When the Heck Did I Become A Republican – Part II

Friday I wrote about a letter I received from Republican presidential candidate Mitt Romney through the Republican National Committee. Among other things, the RNC accused me of being a Republican and wanting to help the party take over the entire nation.

While there was enough material to respond to for a week’s worth of articles, I have tried to stay focused on the points that stuck out to me as I read the letter.

The letter encourages me to choose “a bold, new agenda rooted in the proven conservative principles of limited government, free enterprise, and personal responsibility.”

Aside from the oxymoronic nature of that sentence, it sounds pretty good. Who isn’t for limited government, free enterprise or personal responsibility?

Of course, those terms have different meanings for different people.

As it stands, the current Republican agenda is seeking government to limit who you can marry, your right to decide if abortion is right for you or not and your right to vote. In Pennsylvania, Republicans have created a voter identification law that is so strict that it will not accept government issued military identification as valid verification to vote. This is not limited government.

Republicans continue to promise to overturn Roe v. Wade, a herculean task.   In that case, the Supreme Court ruled that the government did not have the right to interfere with a woman’s decision to have, or not to have, an abortion. Forcing women to keep a pregnancy, even in cases or incest or rape, is not a limited government.

And these same Republicans have continued to fight gay marriage. All of their reasons for this boil down to two things; tribalism and the desire to have the nation conform to the standards of their god. Gay marriage hurts no one. The problems involved in gay marriage are not any different that traditional marriage.

Yet, Republicans have continued to propose a ban on gay marriage by creating an amendment to the U.S. Constitution that would define marriage as only between a man and a woman. They want a tyranny of the majority that can use the Constitution to take away rights rather than grant them. This is not limited government.

It is a restrictive government. It is a closed society. It is totalitarian. It is wrong.

“Free enterprise” is a great term for the fantasy utopia created by Adam Smith. Smith’s concept of a perfect society where the invisible hand of the market controls supply and demand, prices and wages is as realistic and practical a political theory as Marx’s “The Communist Manifesto.” The Republican claim is that they support a market free of government regulation.

The experiment in a free market economy collapsed with the Great Depression. But the United States is hardly, by any realistic definition, a centrally planned economy. Regulations were put into place to create a legal framework in which our free market economy could work and remain stable.

Simply put; government is part of the economy.

At the heart of our current recession is the deregulation of the Glass-Steagall Act of 1933. This act “prevented financial firms from being both commercial banks and investment banks,” according to economists R. Glenn Hubbard and Anthony Patrick O’Brien in the book “Microeconomics.” Congress repealed the act in 1999, allowing commercial banks and investment banks to share in exotic mortgage-backed securities.

Republicans continue to blame the “invisible hand” of the market for the recession, yet never bring up the role deregulation played in the state of our economy.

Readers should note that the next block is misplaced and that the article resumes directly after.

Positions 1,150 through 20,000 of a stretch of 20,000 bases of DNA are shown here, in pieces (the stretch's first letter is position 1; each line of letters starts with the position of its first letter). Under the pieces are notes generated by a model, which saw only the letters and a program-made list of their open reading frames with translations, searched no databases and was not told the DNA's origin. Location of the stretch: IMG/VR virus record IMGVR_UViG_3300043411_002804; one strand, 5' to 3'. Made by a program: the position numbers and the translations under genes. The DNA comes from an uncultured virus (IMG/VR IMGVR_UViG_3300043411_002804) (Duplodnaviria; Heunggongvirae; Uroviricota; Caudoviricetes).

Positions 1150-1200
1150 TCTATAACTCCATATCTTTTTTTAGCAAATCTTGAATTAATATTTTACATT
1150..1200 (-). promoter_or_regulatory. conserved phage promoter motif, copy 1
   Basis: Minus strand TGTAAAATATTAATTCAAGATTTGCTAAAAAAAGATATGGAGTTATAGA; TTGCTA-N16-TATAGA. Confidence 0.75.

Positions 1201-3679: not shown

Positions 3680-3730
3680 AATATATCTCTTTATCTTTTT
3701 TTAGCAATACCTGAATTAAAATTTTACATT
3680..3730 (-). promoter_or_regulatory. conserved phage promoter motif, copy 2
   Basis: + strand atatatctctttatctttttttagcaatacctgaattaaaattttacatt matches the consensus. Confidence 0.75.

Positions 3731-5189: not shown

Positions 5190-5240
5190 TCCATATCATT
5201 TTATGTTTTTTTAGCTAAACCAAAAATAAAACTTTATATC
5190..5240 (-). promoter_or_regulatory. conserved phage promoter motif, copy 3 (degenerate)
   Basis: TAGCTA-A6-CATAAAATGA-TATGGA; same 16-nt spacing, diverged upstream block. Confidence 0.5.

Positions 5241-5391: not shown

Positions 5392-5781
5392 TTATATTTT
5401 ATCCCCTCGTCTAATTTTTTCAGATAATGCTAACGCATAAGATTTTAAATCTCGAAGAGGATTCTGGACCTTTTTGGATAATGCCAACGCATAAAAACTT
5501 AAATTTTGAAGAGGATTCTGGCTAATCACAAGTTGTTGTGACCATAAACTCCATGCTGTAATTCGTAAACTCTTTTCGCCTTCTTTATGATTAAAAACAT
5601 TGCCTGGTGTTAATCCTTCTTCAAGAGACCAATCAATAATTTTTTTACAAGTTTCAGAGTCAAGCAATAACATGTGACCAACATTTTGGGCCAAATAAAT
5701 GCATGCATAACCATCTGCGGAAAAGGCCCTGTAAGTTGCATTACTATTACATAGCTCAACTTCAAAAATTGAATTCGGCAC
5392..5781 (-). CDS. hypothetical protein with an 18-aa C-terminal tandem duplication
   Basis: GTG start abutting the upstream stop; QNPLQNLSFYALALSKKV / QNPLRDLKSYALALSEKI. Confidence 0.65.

Of course, they were more than willing to let government interfere and bail out the banks that were on the verge of failing.

Republicans may talk about free enterprise, but are as eager as anyone to take advantage of the government’s role in the economy.

Personal responsibility seems innocuous enough. Who doesn’t believe in personal responsibility? Personal responsibility is at the very heart of republicanism, which has little to do with Republicans.

The principle of republicanism, as it developed among the Greeks and the Romans, placed personal responsibility on it polis to participate in government. It was considered a person’s duty to put aside his own financial interests for the good of the nation. The preamble of the U.S. Constitution even makes promoting “the general Welfare” as one of government’s main responsibilities.

Yet, Republicans seem to be very much opposed to policies that are republican. Personal responsibility, based on the Republican dialogue lately, is about taking care of one’s self and giving nothing to society. According to them, if a woman is raped, gets pregnant and keeps the child, it is no one’s fault but her own and there should be nothing provided by the government to assist her or her child. That is a bit exaggerated, but I believe the point is valid.

This does not mean America has become a welfare state¹. We take care of our own. We take care of our seniors, who have worked hard raising children and being a part of this nation. We take care of our veterans, who have been willing to put aside their personal interests in order to serve their country. We take care of our children, who need food, health care and education in order to build a stronger republic.

There is no utopia. The degree in which government is involved in our personal lives, free enterprise and in providing for the needs of citizens will always be open for debate and adjustment. But the RNC’s statement about these issues is a series of glittering generalities. I am tired of pleasant sounding words that mean nothing in politics.

¹I am fully aware that when the Constitution speaks of “the general Welfare,” it is not talking about our modern welfare system. However, the point is that there is a certain republican idea involved in both systems of taking care of our citizens.

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